Algorithm: domain Algorithm: domain
Inception: u_int32_t Inception: u_int32_t
Expiration: u_int32_t Expiration: u_int32_t
Mode: u_int16_t Mode: u_int16_t
Error: u_int16_t Error: u_int16_t
Key Size: u_int16_t Key Size: u_int16_t
Key Data: octet-stream Key Data: octet-stream
Other Size: u_int16_t Other Size: u_int16_t
Other Data: octet-stream undefined by this specification Other Data: octet-stream undefined by this specification
2.1 The Name Field 2.1 The Name Field
The Name field relates to naming keys. Its meaning differs somewhat The Name field relates to naming keys. Its meaning differs somewhat
with mode and context as explained in subsequent sections. with mode and context as explained in subsequent sections.
At any DNS server or resolver only one octet string of keying At any DNS server or resolver only one octet string of keying
material may be in place for any particular key name. An attempt to material may be in place for any particular key name. An attempt to
establish another set of keying material at a server for an existing establish another set of keying material at a server for an existing
name returns a BADNAME error. name returns a BADNAME error.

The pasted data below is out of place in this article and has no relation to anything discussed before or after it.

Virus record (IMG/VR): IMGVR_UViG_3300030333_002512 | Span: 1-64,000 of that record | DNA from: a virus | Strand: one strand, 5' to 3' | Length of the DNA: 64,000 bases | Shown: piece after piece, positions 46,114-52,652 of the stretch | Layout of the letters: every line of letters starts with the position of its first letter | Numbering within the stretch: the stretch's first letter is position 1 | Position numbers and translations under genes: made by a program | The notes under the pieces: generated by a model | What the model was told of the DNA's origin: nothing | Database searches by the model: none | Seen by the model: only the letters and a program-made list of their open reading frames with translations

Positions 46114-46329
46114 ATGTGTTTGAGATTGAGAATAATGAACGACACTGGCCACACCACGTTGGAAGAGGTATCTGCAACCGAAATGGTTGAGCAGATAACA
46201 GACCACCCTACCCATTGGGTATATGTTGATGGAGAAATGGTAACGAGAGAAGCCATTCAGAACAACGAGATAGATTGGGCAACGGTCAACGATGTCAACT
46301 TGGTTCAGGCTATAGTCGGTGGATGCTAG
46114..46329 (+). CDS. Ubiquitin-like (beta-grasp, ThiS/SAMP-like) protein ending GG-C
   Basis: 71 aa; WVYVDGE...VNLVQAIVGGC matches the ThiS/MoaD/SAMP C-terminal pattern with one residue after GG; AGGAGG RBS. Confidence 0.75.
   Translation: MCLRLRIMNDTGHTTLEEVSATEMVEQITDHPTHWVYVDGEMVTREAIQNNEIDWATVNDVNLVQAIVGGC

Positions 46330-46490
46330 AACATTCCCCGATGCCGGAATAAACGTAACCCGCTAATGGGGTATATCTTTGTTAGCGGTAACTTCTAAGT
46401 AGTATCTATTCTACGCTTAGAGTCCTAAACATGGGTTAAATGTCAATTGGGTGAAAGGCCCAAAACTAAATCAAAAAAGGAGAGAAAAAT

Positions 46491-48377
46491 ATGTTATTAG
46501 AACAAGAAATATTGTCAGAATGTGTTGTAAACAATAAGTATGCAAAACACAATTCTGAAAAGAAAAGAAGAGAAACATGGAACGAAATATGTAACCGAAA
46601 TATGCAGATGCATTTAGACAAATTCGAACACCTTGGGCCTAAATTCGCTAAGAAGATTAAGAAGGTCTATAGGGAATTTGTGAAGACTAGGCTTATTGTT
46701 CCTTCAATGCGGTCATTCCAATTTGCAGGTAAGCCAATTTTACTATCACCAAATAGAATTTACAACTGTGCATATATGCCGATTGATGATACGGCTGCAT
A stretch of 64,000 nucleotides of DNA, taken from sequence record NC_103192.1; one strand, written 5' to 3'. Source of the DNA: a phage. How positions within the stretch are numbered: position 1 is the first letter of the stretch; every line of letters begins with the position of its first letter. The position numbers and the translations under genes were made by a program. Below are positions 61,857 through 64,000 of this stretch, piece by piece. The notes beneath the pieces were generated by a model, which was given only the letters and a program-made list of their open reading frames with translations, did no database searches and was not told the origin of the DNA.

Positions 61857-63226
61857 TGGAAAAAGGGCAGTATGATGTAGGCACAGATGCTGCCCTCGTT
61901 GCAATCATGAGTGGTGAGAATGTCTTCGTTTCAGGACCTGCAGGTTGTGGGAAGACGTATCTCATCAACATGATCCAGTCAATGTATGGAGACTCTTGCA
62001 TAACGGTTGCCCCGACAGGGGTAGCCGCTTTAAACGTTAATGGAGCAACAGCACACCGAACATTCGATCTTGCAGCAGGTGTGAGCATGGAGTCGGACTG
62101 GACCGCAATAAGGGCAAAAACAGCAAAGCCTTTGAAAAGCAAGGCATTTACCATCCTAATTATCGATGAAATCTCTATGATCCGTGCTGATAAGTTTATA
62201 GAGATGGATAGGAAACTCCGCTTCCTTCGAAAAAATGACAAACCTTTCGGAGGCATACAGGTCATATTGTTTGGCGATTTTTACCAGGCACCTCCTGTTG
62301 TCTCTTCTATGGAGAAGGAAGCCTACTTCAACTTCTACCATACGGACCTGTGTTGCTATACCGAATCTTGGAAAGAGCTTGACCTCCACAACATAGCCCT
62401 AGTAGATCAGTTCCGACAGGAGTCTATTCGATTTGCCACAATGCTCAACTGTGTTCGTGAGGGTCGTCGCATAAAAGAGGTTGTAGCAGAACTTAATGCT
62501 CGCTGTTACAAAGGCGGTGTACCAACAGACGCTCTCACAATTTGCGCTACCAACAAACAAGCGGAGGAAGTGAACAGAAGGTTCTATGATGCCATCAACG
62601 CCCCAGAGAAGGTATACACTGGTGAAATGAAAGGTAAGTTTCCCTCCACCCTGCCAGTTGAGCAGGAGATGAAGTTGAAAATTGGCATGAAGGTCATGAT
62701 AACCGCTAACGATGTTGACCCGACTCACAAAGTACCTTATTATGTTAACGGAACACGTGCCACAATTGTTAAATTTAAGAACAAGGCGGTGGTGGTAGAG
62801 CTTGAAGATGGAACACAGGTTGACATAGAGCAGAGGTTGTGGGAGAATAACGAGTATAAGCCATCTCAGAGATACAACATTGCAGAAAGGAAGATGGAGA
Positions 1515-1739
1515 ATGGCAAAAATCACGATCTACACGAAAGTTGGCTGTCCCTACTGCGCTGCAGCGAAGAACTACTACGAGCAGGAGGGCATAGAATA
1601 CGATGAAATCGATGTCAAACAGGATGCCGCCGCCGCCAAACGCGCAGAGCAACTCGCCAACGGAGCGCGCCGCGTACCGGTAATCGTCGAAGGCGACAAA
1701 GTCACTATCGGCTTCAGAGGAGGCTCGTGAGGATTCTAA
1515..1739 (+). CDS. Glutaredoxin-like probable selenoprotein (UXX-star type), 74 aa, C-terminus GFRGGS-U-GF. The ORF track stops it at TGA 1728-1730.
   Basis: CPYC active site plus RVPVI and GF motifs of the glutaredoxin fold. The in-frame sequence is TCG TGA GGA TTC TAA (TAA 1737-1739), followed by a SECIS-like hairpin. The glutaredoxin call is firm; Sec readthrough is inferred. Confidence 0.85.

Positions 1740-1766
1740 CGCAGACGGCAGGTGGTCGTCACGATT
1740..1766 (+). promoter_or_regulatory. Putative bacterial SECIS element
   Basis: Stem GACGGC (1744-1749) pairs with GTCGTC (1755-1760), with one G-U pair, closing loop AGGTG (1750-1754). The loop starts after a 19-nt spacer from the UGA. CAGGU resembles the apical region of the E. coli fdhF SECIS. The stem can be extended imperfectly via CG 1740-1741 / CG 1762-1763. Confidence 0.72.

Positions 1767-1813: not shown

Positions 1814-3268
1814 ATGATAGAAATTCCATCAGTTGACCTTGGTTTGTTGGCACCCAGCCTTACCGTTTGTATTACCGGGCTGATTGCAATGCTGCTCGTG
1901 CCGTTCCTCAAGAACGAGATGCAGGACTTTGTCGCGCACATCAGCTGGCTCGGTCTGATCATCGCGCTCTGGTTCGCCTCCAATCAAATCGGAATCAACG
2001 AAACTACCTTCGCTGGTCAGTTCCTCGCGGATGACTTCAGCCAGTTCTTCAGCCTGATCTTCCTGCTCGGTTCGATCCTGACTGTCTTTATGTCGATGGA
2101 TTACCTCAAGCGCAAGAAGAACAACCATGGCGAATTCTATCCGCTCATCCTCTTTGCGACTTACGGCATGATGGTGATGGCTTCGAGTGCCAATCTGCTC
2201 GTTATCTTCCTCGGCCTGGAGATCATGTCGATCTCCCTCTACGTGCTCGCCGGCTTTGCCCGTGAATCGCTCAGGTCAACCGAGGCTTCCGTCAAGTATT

For a TKEY with a non-root name appearing in a query, the TKEY RR For a TKEY with a non-root name appearing in a query, the TKEY RR
name SHOULD be a domain locally unique at the resolver, less than 128 name SHOULD be a domain locally unique at the resolver, less than 128
octets long in wire encoding, and meaningful to the resolver to octets long in wire encoding, and meaningful to the resolver to
assist in distinguishing keys and/or key agreement sessions. For assist in distinguishing keys and/or key agreement sessions. For
TKEY(s) appearing in a response to a query, the TKEY RR name SHOULD TKEY(s) appearing in a response to a query, the TKEY RR name SHOULD
be a globally unique server assigned domain. be a globally unique server assigned domain.
A reasonable key naming strategy is as follows: A reasonable key naming strategy is as follows:
If the key is generated as the result of a query with root as If the key is generated as the result of a query with root as its
its owner name, then the server SHOULD create a globally unique owner name, then the server SHOULD create a globally unique domain
domain name, to be the key name, by suffixing a pseudo-random name, to be the key name, by suffixing a pseudo-random [RFC 1750]
[RFC 1750] label with a domain name of the server. For example label with a domain name of the server. For example
89n3mDgX072pp.server1.example.com. If generation of a new 89n3mDgX072pp.server1.example.com. If generation of a new
pseudo-random name in each case is an excessive computation load pseudo-random name in each case is an excessive computation load
or entropy drain, a serial number prefix can be added to a fixed or entropy drain, a serial number prefix can be added to a fixed
pseudo-random name generated an DNS server start time, such as pseudo-random name generated an DNS server start time, such as
1001.89n3mDgX072pp.server1.example.com. 1001.89n3mDgX072pp.server1.example.com.